Massive flooding in Thailand is grinding a significant portion of the industry's hard drive production to a halt, sparking concerns about its impact on an IT industry that depends on the devices and is already causing constraints in supply to the channel.
Thailand is suffering from a growing floods caused by near record high monsoon rains that has covered a large portion of the country, including the capital, Bangkok, causing widespread shutdowns of factories producing hard drives and related components.
Analyst firm IHS iSuppli estimated that about 25 percent of the world's hard drives are manufactured in Thailand. In addition, a disruption in the production of key components, including electric motors and slider assemblies, threatens at least part of the production in other countries.
Western Digital, which has a significant portion of its hard drive manufacturing in Thailand, has been forced to curtail production in that country and put both storage OEMs and reseller customers on allocation.
Seagate's drive production facilities are located in other countries, including Malaysia, and so have not been hit directly by the floods. However, there are concerns about supply chain disruptions impacting at least part of that production.
John Coyne, president and CEO of Western Digital, said this week during his company's first quarter financial conference call that the hard drive industry will be constrained in meeting demand.
"Since WD has greater direct manufacturing exposure to the flooded areas, we believe the impact on our business in the short term will be greater than to other HDD manufacturers," Coyne said, according to a transcript of the call provided by Seeking Alpha.
Timothy Leyden, Western Digital COO, said that in addition to hard drive production stoppages, the flooding also impacted the company's assembly test and slider facilities, as well as supply of components from other vendors, and is expected to constrain capacity for several quarters.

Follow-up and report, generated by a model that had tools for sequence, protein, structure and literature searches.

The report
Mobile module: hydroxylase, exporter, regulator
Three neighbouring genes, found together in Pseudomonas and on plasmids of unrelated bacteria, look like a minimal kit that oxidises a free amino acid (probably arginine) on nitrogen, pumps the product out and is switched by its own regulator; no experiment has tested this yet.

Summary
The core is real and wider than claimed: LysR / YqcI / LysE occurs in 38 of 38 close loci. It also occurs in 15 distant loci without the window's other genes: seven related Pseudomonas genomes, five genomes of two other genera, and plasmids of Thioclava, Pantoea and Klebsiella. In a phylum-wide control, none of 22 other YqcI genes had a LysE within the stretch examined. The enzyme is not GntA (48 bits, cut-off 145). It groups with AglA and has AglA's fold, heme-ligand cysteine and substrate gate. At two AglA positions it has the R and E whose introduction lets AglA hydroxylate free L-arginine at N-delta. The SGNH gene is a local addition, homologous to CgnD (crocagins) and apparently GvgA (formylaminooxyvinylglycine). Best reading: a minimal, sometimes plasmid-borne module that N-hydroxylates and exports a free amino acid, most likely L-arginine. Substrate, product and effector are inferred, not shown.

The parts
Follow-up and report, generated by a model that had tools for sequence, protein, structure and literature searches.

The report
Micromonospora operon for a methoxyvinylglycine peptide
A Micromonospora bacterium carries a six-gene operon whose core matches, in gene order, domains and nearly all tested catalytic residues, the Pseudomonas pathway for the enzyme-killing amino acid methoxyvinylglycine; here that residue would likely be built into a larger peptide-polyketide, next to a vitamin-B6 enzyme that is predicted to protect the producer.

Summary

"We are working with our suppliers to affect the recovery of their supply chain and to ramp existing capacity in other locations," Leyden said. "We are proceeding with all possible haste and ingenuity to address the situation because we are mindful of the impact on our employees, customers, suppliers, shareholders and the communities in which we operate. We are also pursuing all possible options to maximize our Malaysian facility's throughput."
Western Digital declined to comment further about the situation.
Seagate, in supplemental material provided Thursday as part of its first quarter financial report, said that its Thailand component and drive assembly factories are operational and running at full production, but that the situation is different for some of its component suppliers.
"We expect to experience significant impact to our production levels while our suppliers work to get their businesses up and running," Seagate wrote.
Because of the supply constraints from the Thailand floods, including those of its "primary competitor," a reference to Western Digital, Seagate wrote in the supplementary materials that it expects the effects to last several quarters.
"As we strengthen our supply chain and optimize our output, we are engaged with customers to re-align build schedules, product mix and to reset delivery expectations," the company wrote.
As a result of the constraints, system builders are scrambling to place much larger orders than normal to secure supplies to meet their customer demands for servers and storage appliances even as distributors begin allocation.
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